1/2 Dub or 1/96 Rupee, Issued by, Northern Circars, Madras Presidency, India, 1794
Minted by Soho Mint, Birmingham

Obverse Description

Within a broad rim, the company arms, a quartered shield (oval crowned Royal shield in the first quarter of the shield (worn) else plain); crest of a helm with lion holding the Imperial Crown; lion supporters, each holding a banner charged with a cross; below incuse on ribbon, UNITED EAST INDIA CO.; below ribbon, 96; on rim below, TO ONE RUPEE; around above, incuse on rim, the motto, AUSPICIO REGIS ET SENATUS ANGLICAE

Reverse Description

Within a broad rim, the company balemark; around above, incuse on rim, UNITED EAST INDIA COMPANY; below, incuse on rim, 1794

Edge Description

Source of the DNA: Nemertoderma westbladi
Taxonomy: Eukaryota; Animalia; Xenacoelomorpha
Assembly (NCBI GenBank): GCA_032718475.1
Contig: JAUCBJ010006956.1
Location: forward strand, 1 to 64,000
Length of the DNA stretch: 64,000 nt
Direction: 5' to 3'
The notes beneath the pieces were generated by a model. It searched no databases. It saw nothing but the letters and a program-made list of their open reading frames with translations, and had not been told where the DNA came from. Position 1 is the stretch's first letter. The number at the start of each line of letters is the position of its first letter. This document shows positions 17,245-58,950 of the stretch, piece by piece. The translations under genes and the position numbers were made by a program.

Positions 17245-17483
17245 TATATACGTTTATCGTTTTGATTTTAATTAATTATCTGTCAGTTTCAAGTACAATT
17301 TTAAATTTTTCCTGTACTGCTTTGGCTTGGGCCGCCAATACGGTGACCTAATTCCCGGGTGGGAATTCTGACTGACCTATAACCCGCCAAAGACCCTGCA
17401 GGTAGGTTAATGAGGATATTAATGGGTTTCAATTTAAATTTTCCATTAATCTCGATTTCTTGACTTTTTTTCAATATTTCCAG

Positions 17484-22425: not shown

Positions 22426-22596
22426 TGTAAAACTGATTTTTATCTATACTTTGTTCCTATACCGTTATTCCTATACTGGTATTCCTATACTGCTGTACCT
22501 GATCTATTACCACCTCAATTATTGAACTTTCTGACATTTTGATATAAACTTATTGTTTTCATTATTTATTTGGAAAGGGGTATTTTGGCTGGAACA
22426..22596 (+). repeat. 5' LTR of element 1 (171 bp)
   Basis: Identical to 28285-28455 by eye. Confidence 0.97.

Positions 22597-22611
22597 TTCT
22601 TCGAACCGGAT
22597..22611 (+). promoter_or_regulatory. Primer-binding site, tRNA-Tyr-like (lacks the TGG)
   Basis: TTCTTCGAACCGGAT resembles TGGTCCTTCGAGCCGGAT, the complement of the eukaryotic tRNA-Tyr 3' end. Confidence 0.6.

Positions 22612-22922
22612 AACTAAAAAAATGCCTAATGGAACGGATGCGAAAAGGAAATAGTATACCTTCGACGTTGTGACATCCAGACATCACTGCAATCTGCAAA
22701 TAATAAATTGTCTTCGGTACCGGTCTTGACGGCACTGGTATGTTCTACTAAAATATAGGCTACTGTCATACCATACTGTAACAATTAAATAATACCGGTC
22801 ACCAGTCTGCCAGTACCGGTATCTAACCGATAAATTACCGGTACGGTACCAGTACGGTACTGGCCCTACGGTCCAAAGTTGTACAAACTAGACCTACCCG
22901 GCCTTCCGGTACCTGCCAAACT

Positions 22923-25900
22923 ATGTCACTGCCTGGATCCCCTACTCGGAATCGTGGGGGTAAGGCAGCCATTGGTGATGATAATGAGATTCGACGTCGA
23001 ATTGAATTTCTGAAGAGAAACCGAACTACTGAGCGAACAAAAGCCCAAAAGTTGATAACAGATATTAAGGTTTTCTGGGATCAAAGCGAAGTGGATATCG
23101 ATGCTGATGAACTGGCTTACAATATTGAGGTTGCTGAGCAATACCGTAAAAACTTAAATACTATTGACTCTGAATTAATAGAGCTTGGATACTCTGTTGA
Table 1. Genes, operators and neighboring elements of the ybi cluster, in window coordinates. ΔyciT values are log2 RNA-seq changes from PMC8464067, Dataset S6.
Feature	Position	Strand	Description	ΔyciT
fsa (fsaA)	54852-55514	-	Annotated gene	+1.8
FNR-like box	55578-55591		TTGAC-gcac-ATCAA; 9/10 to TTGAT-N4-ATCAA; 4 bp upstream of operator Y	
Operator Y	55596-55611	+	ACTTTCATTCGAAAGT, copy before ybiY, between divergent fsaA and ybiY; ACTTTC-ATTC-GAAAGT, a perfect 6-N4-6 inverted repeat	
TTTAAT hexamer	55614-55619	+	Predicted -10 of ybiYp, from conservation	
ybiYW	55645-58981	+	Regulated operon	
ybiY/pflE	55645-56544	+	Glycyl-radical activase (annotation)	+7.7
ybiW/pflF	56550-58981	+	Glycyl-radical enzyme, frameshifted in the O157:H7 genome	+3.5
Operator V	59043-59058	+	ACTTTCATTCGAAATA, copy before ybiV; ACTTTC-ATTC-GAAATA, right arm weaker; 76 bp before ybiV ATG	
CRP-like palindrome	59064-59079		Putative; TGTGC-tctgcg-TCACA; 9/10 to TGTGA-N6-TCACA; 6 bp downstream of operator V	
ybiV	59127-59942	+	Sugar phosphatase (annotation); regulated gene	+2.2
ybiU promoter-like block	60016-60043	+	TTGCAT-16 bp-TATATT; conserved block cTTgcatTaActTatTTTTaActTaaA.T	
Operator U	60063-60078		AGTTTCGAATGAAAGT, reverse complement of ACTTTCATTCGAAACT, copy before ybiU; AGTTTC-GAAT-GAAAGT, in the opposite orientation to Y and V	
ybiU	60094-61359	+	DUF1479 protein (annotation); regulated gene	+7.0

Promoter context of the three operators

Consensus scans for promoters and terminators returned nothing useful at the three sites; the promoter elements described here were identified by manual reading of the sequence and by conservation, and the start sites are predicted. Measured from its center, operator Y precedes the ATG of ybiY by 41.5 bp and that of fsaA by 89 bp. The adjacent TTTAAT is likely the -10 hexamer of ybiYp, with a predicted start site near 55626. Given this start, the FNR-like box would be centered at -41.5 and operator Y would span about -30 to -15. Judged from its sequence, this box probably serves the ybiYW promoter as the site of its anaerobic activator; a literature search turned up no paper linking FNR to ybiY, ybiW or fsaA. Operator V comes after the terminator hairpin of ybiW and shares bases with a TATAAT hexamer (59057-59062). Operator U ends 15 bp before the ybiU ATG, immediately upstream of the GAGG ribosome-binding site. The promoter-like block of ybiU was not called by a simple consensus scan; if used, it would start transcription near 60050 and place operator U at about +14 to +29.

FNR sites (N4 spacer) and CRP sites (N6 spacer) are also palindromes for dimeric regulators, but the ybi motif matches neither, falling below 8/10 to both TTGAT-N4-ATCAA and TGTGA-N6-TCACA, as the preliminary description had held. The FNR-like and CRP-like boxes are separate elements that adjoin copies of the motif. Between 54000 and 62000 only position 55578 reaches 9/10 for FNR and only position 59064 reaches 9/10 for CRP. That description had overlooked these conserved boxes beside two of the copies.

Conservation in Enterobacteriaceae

The territory known as the Northern Circars was ceded to the EIC by the Nizam of Hyderabad on 12 November 1766. Coinage consisted of gold pagodas, silver rupees and copper dubs. The copper dub was rated at 48 to the rupee (as stated on this coin) but was not accepted by the government in payment with the result that it market value fluctuated, often 10% in a single day. To end this situation a large orde of copper coins was made with the Soho MInt, Birmingham, England in 1794. There, Matthew Boulton was experimenting withstriking legends into a raised rim on coins and tokens, to increase their circulation life by resisting wear. The EIC elected a design which combined both raised and incuse lettering and ordered coins of 1/48th and 1/96th rupee. Shipment began on 8 November 1794, with 4,616,129 1/48th and 9,102,868 96th pieces sent by 4 March 1795. The coins proved successful and a second large order was placed in 1796 (the coins dated 1797, the year they would be issued).

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